It may look pretty, but the invasive spotted lanternfly can cause a lot of damage.

In recent days, the Massachusetts Department of Agricultural Resources identified two dead specimens of the spotted lanternfly in Massachusetts, and they are now urging residents to report any sign of the invasive pest.

The specimens were recovered in Milford and Norwood, and arrived on materials shipped from parts of Pennsylvania that are now under a spotted lanternfly quarantine. MDAR has also been told that nursery stock with egg masses and adult insects may have been unintentionally imported and planted in parts of Massachusetts.

Spotted lanternfly (Lycorma delicatula) is an invasive sap-feeding insect from Asia that was first found in the U.S. in Pennsylvania in 2014. While the pest's main host plant is tree-of-heaven (Ailanthus altissima), spotted lanternfly attacks a variety of trees, shrubs, and vines, and has the potential to damage a broad range of agricultural commodities, including apples, peaches, grapes and wine, and maple syrup. It also has the potential to hurt the ornamental nursery industry.

The state's agriculture department is urging anyone who has received goods or materials --  such as plants, landscaping materials, or outdoor furniture -- from a state with a known infestation to carefully check the materials, including any packaging, for signs of the invasive insect. Currently, there are known infestations in Connecticut, Delaware, Maryland, New Jersey, New York, Pennsylvania, Virginia, and West Virginia.

If you think you've detected signs of the invasive pest, you should take a photo or collect the specimen. Then report your sighting using MDAR’s online reporting form. People should look for large, gray insects, about one inch long, with black spots and red underwings, or inch-long, rectangular yellowish-brown egg masses covered with a gray waxy coating. Egg masses can be found on any flat surface.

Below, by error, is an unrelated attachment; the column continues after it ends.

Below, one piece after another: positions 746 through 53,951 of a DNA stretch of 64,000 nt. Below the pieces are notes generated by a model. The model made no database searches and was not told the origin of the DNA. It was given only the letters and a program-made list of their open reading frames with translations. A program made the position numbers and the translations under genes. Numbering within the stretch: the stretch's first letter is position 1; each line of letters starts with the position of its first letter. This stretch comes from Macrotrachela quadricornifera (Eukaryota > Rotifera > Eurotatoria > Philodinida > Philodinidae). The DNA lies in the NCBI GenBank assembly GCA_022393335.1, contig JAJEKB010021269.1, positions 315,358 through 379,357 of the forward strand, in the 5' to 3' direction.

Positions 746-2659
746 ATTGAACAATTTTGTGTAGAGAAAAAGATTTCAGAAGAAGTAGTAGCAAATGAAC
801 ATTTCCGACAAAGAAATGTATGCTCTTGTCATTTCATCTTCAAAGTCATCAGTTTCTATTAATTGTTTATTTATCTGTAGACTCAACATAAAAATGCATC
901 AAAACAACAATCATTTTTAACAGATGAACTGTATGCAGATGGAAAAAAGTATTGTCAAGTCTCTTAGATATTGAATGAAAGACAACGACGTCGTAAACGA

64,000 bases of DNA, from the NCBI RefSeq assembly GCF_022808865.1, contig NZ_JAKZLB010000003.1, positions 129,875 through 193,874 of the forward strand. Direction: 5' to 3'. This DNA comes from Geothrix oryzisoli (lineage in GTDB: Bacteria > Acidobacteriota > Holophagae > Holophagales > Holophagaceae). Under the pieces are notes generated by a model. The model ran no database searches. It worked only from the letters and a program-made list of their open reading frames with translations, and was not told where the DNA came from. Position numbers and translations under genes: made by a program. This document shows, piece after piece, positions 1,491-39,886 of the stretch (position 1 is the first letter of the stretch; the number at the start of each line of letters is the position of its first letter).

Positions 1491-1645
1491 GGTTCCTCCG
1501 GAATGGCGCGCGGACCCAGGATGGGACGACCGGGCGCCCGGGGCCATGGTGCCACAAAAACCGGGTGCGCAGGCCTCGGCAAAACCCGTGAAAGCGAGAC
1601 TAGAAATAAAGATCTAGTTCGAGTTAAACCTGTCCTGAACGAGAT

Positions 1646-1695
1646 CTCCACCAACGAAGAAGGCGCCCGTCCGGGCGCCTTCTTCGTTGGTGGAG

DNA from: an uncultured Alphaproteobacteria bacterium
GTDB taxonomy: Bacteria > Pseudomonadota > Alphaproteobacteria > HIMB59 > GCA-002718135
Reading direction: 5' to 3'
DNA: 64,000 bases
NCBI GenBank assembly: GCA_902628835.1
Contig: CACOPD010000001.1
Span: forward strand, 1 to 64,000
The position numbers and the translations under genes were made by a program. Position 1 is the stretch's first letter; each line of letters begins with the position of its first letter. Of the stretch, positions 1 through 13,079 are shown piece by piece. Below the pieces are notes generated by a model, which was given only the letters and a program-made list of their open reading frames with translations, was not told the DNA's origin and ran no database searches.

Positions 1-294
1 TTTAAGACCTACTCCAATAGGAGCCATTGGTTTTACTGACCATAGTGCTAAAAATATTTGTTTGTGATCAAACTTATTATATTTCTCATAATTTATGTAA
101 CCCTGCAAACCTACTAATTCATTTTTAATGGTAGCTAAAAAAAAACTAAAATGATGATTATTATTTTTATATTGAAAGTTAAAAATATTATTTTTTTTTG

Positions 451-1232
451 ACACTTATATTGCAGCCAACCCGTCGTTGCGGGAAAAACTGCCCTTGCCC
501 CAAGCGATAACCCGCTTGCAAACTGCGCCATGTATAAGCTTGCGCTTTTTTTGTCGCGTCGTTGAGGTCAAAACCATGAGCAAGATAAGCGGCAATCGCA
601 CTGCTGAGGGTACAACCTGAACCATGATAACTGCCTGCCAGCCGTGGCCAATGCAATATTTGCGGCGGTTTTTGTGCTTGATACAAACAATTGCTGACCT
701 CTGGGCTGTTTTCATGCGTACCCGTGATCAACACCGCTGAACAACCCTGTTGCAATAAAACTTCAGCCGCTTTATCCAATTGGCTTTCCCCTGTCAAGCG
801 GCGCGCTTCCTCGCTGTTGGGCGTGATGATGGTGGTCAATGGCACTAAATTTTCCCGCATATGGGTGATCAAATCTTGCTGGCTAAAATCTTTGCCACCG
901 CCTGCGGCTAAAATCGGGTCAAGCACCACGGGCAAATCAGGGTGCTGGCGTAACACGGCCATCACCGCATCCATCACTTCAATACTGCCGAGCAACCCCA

Agriculture Commissioner John LeBeaux says there are many ways the spotted lanternfly can travel from state to state, including on vehicles, and that early detection is important in stopping the spread.

“We ask anyone who may have received shipments of wood, ornamental plants, or any other materials from Pennsylvania or other Northeastern states to help protect the natural resources and agricultural industries of Massachusetts by checking for and reporting any signs of spotted lanternfly,” LeBeaux said.

No live lanternflies have yet been found in Massachusetts. As a precaution, surveys are planned in the areas where the insects were found, to confirm that no live populations are present. A dead lanternfly was found in the Boston area in December of 2018.

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